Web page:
Rhiannan Iffland of Australia dives from the 21 metre platform during the final competition day of the fourth stop of the Red Bull Cliff Diving World Series at Downpatrick Head, Ireland on September 12, 2021. // SI202109120498 // Usage for editorial use only //

The two Red Bull Cliff Diving World Series champions were masterful once again on a
day when 23 tens were handed out at Downpatrick Head.

Gary Hunt and Rhiannan Iffland maintained their winning form on a dramatic and barely believable day of high-quality action at the fourth stop of the 2021 Red Bull Cliff
Diving World Series in Downpatrick Head, Ireland.

The rugged Irish coast, notorious for serving up difficult diving conditions over the years, was no match for the cliff diving elite as they ripped into the Atlantic Sea with stunning precision again and again, breaking multiple records along the way.

Four-time champion Iffland, chasing a record-extending 11th consecutive World Series win,
was simply untouchable yet again.

Beginning the third round in an unfamiliar third position, the Australian blew her rivals out of the water with a sensational ‘perfect dive’, earning five 10s from the judges – the highest score possible – for the first time in her glittering career.

In becoming the first woman to achieve this feat, she also surpassed her own previous record for the highest single dive score.

Joining Iffland on the podium were Canada’s Jessica Macaulay in second place and a fellow Aussie, wildcard Xantheia Pennisi, who put on a career-best display to make the top three for the first time.

Canada’s Molly Carlson just missed out, taking fourth place after also earning one top note from the judges.

“It feels great to be on top of the podium once again,” said Iffland. “I was feeding a little bit from my training partner Xantheia Pennisi as well. Coming into the last two rounds today it was neck and neck and I think I really ate up the pressure and I enjoyed it.

“That dive in warm-up didn’t go so well, so I decided I had to switch my mindset for the
competition and made sure that I gave it my absolute all. I went through the water and went ‘wow, that really worked’. I’m super stoked and I guess I’ve got to figure out ways to spice it up and keep pushing myself.

“I guess I can kind of relax a little bit now and enjoy the competitions a little bit more. Saying that, I still want to go out there and give it my all to break those scores again. This is what I’m aiming for next.”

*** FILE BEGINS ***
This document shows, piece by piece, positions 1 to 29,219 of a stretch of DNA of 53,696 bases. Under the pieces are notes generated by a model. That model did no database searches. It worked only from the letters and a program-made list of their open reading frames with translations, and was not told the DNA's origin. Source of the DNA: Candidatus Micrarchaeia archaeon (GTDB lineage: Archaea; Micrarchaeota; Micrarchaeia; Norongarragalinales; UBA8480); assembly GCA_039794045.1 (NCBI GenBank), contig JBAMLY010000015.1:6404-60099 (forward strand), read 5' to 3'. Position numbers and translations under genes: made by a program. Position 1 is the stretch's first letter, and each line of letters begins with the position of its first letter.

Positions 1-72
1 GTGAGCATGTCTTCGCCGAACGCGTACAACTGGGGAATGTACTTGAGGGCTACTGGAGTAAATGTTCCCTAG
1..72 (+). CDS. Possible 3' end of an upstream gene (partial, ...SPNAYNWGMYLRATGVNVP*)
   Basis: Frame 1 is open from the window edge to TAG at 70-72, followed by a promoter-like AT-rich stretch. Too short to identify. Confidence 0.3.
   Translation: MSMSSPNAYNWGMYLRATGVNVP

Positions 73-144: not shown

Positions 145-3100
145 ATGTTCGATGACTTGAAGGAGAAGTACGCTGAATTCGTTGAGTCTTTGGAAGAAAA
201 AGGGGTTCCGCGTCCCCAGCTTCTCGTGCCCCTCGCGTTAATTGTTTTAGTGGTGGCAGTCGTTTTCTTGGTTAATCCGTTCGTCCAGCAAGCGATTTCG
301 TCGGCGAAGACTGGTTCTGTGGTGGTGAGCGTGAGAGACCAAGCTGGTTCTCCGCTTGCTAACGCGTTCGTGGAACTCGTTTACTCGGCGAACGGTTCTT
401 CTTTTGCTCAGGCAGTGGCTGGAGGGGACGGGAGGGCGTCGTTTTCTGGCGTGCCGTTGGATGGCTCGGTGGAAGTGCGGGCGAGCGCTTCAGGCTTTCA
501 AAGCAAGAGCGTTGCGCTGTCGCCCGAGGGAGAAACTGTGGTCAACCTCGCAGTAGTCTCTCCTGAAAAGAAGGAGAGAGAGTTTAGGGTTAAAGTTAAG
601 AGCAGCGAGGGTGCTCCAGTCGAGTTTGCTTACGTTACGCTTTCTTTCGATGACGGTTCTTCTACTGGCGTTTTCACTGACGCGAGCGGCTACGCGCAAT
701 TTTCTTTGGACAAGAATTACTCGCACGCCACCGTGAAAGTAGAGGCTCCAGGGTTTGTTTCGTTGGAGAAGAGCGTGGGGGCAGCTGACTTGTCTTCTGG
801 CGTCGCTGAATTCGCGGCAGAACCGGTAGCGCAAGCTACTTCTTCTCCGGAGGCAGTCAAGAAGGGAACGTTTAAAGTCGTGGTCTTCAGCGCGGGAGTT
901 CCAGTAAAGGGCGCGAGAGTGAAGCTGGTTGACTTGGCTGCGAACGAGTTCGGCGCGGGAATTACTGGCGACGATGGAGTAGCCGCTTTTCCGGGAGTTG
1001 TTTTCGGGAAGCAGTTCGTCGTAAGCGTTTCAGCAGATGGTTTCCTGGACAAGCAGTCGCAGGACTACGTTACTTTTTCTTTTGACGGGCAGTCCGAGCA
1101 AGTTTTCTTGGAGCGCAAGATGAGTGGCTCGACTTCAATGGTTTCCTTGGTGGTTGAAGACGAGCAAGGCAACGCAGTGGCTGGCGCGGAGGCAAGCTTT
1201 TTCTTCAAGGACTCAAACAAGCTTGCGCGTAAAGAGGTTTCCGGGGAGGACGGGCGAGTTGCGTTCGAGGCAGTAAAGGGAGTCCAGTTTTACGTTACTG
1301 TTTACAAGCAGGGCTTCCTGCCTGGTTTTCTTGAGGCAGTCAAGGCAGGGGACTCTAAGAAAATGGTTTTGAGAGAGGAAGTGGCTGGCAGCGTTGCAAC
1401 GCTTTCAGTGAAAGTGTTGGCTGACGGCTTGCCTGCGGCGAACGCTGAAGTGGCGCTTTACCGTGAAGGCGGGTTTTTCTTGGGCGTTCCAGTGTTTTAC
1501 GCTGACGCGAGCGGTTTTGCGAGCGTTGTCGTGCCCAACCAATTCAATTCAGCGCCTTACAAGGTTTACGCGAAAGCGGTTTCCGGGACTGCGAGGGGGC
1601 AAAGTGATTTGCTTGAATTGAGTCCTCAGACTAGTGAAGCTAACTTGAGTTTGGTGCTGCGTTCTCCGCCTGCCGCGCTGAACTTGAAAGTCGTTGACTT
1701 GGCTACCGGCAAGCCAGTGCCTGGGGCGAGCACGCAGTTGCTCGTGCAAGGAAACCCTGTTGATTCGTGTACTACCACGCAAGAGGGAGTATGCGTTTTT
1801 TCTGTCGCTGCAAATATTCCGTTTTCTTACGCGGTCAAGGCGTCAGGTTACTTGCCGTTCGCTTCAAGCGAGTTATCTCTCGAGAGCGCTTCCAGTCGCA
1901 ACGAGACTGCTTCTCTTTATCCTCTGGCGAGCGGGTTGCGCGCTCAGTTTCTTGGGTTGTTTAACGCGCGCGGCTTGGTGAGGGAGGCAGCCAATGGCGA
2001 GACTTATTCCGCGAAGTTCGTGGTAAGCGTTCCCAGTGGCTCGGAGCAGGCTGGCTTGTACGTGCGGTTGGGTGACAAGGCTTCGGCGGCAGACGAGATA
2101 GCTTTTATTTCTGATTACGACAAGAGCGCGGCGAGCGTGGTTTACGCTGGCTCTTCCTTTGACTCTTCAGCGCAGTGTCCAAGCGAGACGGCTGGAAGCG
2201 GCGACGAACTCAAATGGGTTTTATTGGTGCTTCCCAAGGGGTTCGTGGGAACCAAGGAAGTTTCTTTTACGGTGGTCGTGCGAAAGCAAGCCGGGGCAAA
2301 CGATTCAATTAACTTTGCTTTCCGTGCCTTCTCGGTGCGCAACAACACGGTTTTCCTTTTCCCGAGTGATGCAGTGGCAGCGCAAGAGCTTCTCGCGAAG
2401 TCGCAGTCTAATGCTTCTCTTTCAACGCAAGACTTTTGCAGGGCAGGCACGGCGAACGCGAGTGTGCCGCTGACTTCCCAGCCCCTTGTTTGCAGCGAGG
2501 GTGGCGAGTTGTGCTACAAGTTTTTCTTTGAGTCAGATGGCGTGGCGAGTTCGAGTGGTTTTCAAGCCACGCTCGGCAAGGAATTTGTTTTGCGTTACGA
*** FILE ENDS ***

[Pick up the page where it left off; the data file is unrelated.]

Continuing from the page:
In the men’s competition, Hunt earned his 41st career victory, but that doesn’t even begin to tell the story.

Having earned three 10s himself in Saturday’s second round, the Frenchman watched on as his rivals cranked up the pressure with a series of high-scoring dives in the third
and fourth rounds.

Romania’s Constantin Popovici, Hunt’s closest competitor this season, began the glut of 10s by earning four of them for his third round dive. In the final round, English prodigy Aidan Heslop grabbed two, Italy’s Alessandro De Rose picked up three, while the Spanish wildcard Carlos Gimeno wowed with the crowd with a first-ever perfect handstand dive, becoming only the third man ever to receive five 10s from the judges.

It is testament to Hunt’s character, ability and all-round mental strength that he managed to hold off this marauding challenge from the chasing pack to climb back on top of the podium again.

Popovici took second place, while De Rose made the top three for the first time since

“From Italy I expect fireworks,” said Hunt after his win. “I feel like everyone is really getting into their stride. You’ve seen how many 10s have been awarded this competition and everyone is getting comfortable. It will be really, really tough, but that’s what I love about this sport. It’s gonna get tougher every year and let’s hope to finish this season with a bang.”

On a weekend that will go down in cliff diving history, a record 23 top notes were handed out, two perfect dives were recorded in a single stop for the first time ever, and Gimeno became the first diver to ever perform a handstand dive directly off the rocks during the first round.

Following this pulsating performance, the world’s best cliff divers will now head back to
mainland Europe in just over a week’s time, where they will continue their fight for the King Kahekili trophy at the first stop of an Italian doubleheader in Puglia.

RESULTS – Stop #4, Downpatrick Head, IRL

1- Rhiannan Iffland AUS – 391.60pts.
2- Jessica Macaulay CAN – 343.80
3- Xantheia Pennisi (W) AUS – 338.20
4- Molly Carlson CAN – 316.80
5- Eleanor Smart – 302.80
6- Antonina Vyshyvanova (W) UKR – 289.85
7- Meili Carpenter (W) USA – 269.30
8- Jaki Valente BRA – 240.20
9- Iris Schmidbauer GER – 179.75
10- Adriana Jimenez (W) MEX – 110.00

1- Gary Hunt FRA – 442.50pts.
2- Constantin Popovici ROU – 433.60
3- Alessandro De Rose ITA – 419.55
4- Carlos Gimeno (W) ESP – 395.40
5- David Colturi USA – 393.10
6- Michal Navratil CZE – 378.20
7- Aidan Heslop (W) GBR – 368.15
8- Steven LoBue USA – 343.65
9- Sergio Guzman (W) MEX – 342.95
10- Catalin Preda (W) ROU – 341.05
11- Andy Jones USA – 333.70

Standings* (after 4 of 6 stops)

1- Rhiannan Iffland AUS – 600pts.
2- Jessica Macaulay CAN – 420
3- Molly Carlson (W) CAN – 346
4- Xantheia Pennisi (W) AUS – 272
5- Eleanor Smart USA – 260

1- Gary Hunt FRA – 560pts.
2- Constantin Popovici ROU – 450
3- Catalin Preda (W) ROU – 339
4- Alessandro De Rose ITA – 314
5- Carlos Gimeno (W) ESP – 232

*The Oslo Exhibiton did not count towards the Red Bull Cliff Diving World Series standings.

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